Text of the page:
11 SEPTEMBER 1858, Page 4


Lord Eglinton conferred, on Saturday, the honour of knighthood upon Mr. Charles Bright, the engineer of the Atlantic telegraph. Sir Charles dined at the Viceregal Lodge.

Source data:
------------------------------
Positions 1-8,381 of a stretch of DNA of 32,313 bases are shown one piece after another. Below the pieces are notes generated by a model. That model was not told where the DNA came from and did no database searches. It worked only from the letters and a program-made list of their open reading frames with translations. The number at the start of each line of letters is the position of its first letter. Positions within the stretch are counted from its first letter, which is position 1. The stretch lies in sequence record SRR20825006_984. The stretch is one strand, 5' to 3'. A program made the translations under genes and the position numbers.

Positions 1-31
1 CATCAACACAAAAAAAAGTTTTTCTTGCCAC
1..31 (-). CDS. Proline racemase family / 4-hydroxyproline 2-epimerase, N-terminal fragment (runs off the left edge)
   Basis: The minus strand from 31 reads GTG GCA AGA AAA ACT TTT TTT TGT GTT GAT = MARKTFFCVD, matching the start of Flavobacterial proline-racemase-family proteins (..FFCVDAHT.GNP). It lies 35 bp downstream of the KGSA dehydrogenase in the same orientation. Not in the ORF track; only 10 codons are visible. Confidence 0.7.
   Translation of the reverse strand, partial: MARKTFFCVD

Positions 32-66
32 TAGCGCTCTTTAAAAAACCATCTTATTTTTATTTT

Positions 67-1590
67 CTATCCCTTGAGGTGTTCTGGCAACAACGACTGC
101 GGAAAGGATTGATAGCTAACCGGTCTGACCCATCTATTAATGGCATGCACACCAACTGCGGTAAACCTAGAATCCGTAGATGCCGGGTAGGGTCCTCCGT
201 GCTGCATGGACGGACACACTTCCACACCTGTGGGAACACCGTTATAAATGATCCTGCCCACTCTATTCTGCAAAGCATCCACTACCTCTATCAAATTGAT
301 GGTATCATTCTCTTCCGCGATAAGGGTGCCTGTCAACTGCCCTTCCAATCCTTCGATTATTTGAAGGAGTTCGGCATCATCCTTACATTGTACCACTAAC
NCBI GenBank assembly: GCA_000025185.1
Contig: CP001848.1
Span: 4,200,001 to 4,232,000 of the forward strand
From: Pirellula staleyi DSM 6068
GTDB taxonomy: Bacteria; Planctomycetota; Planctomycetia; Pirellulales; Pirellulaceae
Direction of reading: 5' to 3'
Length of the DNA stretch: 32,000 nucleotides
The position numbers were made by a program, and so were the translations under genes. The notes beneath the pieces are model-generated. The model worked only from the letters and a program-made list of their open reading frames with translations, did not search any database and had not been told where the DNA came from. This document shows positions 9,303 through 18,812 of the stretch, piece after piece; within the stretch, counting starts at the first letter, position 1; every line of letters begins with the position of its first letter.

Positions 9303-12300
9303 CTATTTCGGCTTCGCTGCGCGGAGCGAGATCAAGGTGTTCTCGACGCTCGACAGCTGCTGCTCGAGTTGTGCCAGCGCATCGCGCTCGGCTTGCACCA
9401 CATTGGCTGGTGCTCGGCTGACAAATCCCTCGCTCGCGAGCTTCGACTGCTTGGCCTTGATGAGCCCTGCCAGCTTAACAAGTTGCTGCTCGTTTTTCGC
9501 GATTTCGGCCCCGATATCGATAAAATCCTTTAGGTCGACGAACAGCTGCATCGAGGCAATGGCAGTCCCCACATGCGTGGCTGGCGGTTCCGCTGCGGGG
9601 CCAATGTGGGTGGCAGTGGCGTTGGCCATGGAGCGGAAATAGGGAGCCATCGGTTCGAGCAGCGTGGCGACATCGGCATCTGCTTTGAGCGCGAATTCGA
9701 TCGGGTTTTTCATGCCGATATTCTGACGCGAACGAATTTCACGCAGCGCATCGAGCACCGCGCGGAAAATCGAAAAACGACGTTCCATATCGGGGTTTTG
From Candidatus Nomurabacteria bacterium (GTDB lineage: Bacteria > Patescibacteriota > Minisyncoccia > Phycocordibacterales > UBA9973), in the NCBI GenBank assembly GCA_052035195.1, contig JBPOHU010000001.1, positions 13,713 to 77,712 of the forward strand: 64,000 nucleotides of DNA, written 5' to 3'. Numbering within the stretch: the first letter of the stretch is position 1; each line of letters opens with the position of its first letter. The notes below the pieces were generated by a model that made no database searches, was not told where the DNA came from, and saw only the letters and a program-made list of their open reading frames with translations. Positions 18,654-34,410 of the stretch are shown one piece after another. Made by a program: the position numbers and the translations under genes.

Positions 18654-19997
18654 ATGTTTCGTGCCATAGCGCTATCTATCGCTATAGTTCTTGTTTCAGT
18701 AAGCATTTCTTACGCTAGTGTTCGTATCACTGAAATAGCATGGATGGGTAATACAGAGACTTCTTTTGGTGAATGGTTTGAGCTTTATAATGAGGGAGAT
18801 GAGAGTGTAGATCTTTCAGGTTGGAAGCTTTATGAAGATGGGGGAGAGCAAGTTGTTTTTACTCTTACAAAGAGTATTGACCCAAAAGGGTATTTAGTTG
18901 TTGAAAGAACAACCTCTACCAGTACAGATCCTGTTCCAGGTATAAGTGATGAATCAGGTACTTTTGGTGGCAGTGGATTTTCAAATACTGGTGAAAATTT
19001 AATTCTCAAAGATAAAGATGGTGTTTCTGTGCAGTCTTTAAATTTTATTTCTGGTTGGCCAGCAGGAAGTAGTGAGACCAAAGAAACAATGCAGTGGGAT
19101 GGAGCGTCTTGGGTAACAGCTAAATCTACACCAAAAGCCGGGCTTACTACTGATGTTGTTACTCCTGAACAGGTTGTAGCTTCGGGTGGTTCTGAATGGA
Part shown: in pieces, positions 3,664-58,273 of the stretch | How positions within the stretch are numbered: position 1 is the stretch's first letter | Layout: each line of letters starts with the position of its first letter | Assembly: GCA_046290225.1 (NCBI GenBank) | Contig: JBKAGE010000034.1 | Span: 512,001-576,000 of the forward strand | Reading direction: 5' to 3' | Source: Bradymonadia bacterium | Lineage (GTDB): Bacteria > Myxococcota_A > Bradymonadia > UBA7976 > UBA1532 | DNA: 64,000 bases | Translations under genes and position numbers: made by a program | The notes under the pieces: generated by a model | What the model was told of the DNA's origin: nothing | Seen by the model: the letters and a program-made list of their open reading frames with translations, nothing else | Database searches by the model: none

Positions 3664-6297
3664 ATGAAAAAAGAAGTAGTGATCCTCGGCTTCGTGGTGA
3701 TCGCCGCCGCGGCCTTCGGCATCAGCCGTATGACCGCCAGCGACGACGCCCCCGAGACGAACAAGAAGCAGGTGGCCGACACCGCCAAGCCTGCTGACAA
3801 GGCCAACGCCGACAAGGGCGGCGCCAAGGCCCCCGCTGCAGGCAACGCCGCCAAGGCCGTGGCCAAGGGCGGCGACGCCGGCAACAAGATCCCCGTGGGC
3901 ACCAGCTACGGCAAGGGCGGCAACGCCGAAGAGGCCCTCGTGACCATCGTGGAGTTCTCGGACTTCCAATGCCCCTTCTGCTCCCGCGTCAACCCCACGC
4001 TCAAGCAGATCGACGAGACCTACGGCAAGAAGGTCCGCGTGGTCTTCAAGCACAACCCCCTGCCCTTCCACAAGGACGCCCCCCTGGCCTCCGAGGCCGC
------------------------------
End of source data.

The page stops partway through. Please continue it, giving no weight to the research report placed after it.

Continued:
A banquet was given at Killarney, on Tuesday, to the Chairman and Directors of the Atlantic Telegraph Company; Mr. Henry Herbert in the chair. Among the guests were Lord Eglinton, the Duke of Man- cheter, and Sir Charles Bright. Speeches of the kind, now become so common, were made on the occasion ; but it was remarkable chiefly for the explanation vouchsafed by Lord Eglinton, of his absence from the Dublin banquet. "I have been agreeably surpriset at finding the degree of prosperity to which Ireland has now attained. I confess, when my health was coupled with the sentiment of Prosperity to Ireland' when I was here before, I felt it was something like what Mr. Herbert described to a certain degree- s. myth. I feel now it is a reality. Ireland is prosperous, as she deserves to be, but not so prosperous as she will be certain to become in a few years. I am most grateful, indeed, for the manner in which you have drunk my health, and for your having given me an occasion to assure you of the heartfelt interest which I take in the great enterprise that has been lately completed, and to show you that my absence on a late occasion in Dublin was not caused by any lukewarnyness on my part, or any want of a desire to encourage and promote this enterprise by every means in my power, but simply by official necessity. ("Hear, hear !" and applause.) That I could have needlessly or wilfully absented myself on such an occasion, either from any personal hostility or from any sectarian bigotry, I trust no one who knows me will for a moment imagine ; and as there are men here who have not as yet known me, and as these public occasions are the only ones on which I am able to speak my feelings to the people of Ireland, I beg to assure those who have not hitherto known me, that such is the fact. I am glad, also, to have the opportunity of bearing my testimony to the good taste and the excellent feeling which seems to have characterized the proceedings on the occasion to which I refer. (" Hear !" and cheers.) Cardinal Wiseman has been publicly entertained at Dundalk. Here the health of the Queen was not omitted ; but it was drunk after that of the Pope. The Cardinal has also visited the Library and Museum of Trinity College, Dublin, at the invitation of Dr. Todd, senior fellow. When he was at Trinity College, Cardinal Wiseman, on issuing from the library, "fervently blessed" the spectators outside drawn thither by curiosity. Hence a great scandal. On Wednesday, he visited May- nooth College, where he was of course received with befitting honours by the heads of that establishment. After an inspection of the buildings, his Eminence robed, and proceeded to the chapel to hear mass, and after- wards preached a long discourse. Subsequently, he was presented with an address, signed by the President and Professors of the College, to which the Cardinal replied at great length. In the course of it he referred to the change that has come over the people as well as over the material condition of Ireland.